The Pike Place Gum Wall in Seattle Is Coming Down

That really sticky, gooey, gummy wall in Seattle is getting cleaned.

N i c o l a / Flickr Creative Commons

Pike Place Market, a farmers’ market (well, kind of a giant farmers’ mall populated mostly by fishermen) has been selling delicious foodstuffs — and just a ludicrous amount of salmon — for over a hundred years. For people who come here to eat, as visitors to Seattle invariable do, there is even a special place to leave gum. Well, there was.

Located in a winding passageway called Post Alley, one brick partition of the city’s Market Theater performance space has been receiving the finished gum of patrons since 1993, and is known, understandably, as “The Gum Wall.” The Seattle Times once referred to it as “participatory art” and gave it “runner-up status for world’s germiest tourist attraction…second only to Ireland’s Blarney Stone.”

The Pike Place Market Preservation & Development Authority, an organization that works to protect the vintage, century-old Pike Place structures, claims that the Gum Wall — as in the part of the wall that actually consists of pure gum — is eight feet high and over 54 feet wide, with each brick of the wall possessing approximately 150 placed pieces. It also states that the wall is coming down. Soon.

The PDA states that while the chewy stuff is already being steam-cleaned bimonthly, the chemicals, additives, and sugar in the deposited gum is wearing away the building’s exterior, and needs to be removed in order to save the dated wall that has been playing host to all that abandoned sticky stuff. On November 10 at 8 a.m., the cleaning steam will be cranked up to melt-inducing temperatures, which will drop the gum to the ground, where crews will collect it all in buckets. The anticipated duration of the cleaning is expected to last three to four days.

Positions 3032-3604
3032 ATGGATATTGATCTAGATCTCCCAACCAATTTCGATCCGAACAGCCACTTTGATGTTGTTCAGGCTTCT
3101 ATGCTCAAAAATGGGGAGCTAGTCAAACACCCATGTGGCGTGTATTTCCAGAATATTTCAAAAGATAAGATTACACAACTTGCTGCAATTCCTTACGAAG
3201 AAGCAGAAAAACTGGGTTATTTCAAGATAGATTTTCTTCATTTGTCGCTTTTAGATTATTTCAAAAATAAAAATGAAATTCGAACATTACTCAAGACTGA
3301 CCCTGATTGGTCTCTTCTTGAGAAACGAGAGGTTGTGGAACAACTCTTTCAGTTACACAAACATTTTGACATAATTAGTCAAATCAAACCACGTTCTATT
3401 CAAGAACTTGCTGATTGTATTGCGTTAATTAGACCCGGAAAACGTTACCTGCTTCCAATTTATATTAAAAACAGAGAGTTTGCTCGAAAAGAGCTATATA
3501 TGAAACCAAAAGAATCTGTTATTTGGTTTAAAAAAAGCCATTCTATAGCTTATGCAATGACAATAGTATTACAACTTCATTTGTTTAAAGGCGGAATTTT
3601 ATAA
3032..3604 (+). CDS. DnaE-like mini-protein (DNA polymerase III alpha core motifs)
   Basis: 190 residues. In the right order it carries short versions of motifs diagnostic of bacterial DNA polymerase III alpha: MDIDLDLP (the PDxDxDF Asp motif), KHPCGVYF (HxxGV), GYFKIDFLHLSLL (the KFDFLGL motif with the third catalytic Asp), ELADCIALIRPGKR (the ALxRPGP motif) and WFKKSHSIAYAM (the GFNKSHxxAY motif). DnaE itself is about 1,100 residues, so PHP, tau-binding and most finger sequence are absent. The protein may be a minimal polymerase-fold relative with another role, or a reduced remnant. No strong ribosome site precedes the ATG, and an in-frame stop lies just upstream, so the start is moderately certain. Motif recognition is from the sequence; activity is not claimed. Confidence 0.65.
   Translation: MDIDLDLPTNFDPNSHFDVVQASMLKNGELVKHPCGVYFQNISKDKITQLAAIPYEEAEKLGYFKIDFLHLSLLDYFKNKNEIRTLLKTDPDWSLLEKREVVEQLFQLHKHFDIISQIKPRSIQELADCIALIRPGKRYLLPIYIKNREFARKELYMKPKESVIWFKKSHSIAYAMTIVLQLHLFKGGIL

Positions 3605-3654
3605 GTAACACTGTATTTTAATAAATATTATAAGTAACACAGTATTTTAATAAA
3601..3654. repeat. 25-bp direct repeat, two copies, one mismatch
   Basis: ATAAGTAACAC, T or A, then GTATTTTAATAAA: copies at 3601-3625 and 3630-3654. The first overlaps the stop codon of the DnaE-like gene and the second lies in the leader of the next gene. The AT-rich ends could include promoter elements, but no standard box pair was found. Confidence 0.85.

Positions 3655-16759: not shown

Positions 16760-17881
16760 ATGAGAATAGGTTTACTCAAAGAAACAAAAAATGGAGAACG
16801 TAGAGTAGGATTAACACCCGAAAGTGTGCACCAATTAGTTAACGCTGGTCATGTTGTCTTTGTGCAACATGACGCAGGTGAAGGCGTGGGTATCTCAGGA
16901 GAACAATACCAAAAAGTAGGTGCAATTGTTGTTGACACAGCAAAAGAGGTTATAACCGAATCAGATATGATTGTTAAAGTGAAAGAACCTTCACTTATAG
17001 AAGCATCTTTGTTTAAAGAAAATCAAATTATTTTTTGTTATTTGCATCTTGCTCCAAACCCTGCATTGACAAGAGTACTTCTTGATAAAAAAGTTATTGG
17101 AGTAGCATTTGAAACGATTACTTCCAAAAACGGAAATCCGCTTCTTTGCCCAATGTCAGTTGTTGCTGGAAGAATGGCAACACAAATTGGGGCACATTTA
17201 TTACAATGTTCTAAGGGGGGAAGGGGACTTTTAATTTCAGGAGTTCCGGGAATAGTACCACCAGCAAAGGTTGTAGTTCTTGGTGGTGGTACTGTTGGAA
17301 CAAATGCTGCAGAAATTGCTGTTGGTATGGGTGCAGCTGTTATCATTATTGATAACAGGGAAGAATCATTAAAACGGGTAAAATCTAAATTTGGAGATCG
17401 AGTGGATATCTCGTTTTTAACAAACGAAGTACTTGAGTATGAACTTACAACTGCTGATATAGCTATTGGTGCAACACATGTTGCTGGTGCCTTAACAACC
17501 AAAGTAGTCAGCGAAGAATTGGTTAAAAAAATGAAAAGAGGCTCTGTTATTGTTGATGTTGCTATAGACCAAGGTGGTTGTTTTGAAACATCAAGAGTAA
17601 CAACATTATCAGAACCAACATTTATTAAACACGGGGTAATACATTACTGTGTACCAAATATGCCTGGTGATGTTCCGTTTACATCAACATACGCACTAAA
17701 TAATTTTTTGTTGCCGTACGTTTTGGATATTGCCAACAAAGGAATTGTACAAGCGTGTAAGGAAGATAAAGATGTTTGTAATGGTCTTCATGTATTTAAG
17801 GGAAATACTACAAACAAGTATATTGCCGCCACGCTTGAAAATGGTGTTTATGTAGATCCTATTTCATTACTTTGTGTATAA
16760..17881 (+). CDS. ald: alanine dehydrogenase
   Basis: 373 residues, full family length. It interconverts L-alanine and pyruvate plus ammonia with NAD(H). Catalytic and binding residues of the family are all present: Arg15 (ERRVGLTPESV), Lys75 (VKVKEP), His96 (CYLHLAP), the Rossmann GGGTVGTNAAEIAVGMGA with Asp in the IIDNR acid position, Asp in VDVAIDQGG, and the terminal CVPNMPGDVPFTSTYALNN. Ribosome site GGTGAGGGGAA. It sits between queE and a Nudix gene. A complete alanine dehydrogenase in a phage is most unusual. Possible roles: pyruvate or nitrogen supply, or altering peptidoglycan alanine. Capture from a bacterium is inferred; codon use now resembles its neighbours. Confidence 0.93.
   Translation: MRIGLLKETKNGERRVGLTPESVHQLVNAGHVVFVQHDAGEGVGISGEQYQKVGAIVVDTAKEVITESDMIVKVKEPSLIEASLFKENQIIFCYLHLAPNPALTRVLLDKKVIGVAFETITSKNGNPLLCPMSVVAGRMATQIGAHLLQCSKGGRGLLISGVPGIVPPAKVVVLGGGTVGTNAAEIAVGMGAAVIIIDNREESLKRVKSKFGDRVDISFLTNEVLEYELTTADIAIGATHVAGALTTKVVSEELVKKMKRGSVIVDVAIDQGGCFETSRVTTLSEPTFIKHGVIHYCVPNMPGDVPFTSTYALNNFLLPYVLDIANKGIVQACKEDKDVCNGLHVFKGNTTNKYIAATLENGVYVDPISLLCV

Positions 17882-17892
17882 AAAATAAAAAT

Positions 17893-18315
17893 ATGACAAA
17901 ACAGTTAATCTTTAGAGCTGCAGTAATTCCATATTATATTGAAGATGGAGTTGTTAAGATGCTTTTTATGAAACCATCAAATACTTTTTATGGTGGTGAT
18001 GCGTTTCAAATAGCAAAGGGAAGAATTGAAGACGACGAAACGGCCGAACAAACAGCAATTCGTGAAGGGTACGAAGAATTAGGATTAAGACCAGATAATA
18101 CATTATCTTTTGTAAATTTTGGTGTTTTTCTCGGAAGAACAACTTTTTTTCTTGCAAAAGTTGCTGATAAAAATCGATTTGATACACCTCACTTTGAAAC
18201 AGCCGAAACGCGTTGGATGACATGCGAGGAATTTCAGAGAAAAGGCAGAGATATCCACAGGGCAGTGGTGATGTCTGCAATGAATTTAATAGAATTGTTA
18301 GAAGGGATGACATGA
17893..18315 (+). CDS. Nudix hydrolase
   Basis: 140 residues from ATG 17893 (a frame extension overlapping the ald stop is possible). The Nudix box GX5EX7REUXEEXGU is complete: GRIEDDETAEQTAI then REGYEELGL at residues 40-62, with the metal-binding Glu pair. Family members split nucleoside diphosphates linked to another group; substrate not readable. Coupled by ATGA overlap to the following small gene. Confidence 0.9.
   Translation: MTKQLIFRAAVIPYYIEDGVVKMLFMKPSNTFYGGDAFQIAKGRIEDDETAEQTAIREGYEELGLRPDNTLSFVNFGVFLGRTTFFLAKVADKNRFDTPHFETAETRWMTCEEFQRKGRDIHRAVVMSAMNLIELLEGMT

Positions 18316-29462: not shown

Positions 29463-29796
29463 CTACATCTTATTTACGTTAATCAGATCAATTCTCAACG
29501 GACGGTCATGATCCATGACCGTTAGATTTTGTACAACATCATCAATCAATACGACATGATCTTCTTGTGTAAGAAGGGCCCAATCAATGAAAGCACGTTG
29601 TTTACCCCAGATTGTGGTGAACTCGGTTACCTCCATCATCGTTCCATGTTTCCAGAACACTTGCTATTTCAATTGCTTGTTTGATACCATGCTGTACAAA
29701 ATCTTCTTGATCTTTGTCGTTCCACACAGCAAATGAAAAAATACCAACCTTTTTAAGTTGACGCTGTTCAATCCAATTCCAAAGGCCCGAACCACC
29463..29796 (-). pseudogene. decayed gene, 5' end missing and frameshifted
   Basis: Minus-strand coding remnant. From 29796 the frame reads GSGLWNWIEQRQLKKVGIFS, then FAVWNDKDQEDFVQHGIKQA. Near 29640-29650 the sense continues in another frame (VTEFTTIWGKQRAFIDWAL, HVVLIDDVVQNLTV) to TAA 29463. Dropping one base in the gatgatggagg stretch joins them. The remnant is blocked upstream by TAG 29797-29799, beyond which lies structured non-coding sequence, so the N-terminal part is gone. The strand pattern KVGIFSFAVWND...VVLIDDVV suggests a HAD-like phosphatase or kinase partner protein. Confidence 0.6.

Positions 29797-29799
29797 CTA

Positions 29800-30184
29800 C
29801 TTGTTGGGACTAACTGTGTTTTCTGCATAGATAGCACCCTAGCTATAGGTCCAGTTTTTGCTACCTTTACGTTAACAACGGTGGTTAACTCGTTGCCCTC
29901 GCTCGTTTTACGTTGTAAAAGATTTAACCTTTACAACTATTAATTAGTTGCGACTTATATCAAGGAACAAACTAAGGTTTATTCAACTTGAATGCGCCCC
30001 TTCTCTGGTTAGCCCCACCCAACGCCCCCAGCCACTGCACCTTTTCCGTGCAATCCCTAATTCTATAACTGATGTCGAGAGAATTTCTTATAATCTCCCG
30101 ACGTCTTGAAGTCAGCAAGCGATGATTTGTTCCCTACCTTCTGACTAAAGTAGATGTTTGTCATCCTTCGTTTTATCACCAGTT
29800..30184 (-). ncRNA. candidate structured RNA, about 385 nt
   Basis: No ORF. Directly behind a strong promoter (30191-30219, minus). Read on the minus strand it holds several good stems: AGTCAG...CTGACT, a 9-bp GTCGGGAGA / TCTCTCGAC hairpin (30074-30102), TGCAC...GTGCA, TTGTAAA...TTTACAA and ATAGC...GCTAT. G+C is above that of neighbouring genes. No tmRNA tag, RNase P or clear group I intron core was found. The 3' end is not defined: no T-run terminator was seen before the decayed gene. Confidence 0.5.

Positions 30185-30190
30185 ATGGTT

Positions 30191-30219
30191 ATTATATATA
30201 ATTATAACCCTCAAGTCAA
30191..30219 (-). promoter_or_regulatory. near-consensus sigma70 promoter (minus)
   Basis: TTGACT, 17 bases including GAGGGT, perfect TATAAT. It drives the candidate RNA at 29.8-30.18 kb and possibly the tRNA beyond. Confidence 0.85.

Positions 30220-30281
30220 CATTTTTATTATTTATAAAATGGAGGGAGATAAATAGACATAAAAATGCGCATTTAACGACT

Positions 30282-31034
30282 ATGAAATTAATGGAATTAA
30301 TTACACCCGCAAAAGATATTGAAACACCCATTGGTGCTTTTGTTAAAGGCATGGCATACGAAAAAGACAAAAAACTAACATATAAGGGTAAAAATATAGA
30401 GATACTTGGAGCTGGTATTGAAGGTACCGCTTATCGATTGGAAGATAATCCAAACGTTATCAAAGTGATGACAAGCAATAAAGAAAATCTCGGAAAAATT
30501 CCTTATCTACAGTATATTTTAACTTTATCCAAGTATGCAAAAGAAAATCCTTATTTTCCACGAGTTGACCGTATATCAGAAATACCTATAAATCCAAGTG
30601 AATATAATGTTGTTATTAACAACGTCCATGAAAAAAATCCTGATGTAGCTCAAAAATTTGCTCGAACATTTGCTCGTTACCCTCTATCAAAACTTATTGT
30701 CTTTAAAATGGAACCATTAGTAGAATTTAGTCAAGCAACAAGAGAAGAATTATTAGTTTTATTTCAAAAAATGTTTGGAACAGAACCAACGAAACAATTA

Pike Place Market is recognizing the occasion with a contest, asking people to take photos of the Dead Gum Walking and upload the pictures to a purpose-built site in the hopes of winning a personalized charm.

As for the future of the masticated monument, the PDA plans to add more traditional art to the alley, and, while expressing hope that a Gum Wall 2.0 never really evolves, anticipates that the wall is a likely candidate for new gumming.

“We expect the Gum Wall will live on — it’s a Seattle tradition and a crowd-sourced piece of public art that people really enjoy,” Emily Crawford, a spokesperson for the Market, said in a release. “But it’s time to start with a clean canvass.”

Related Tags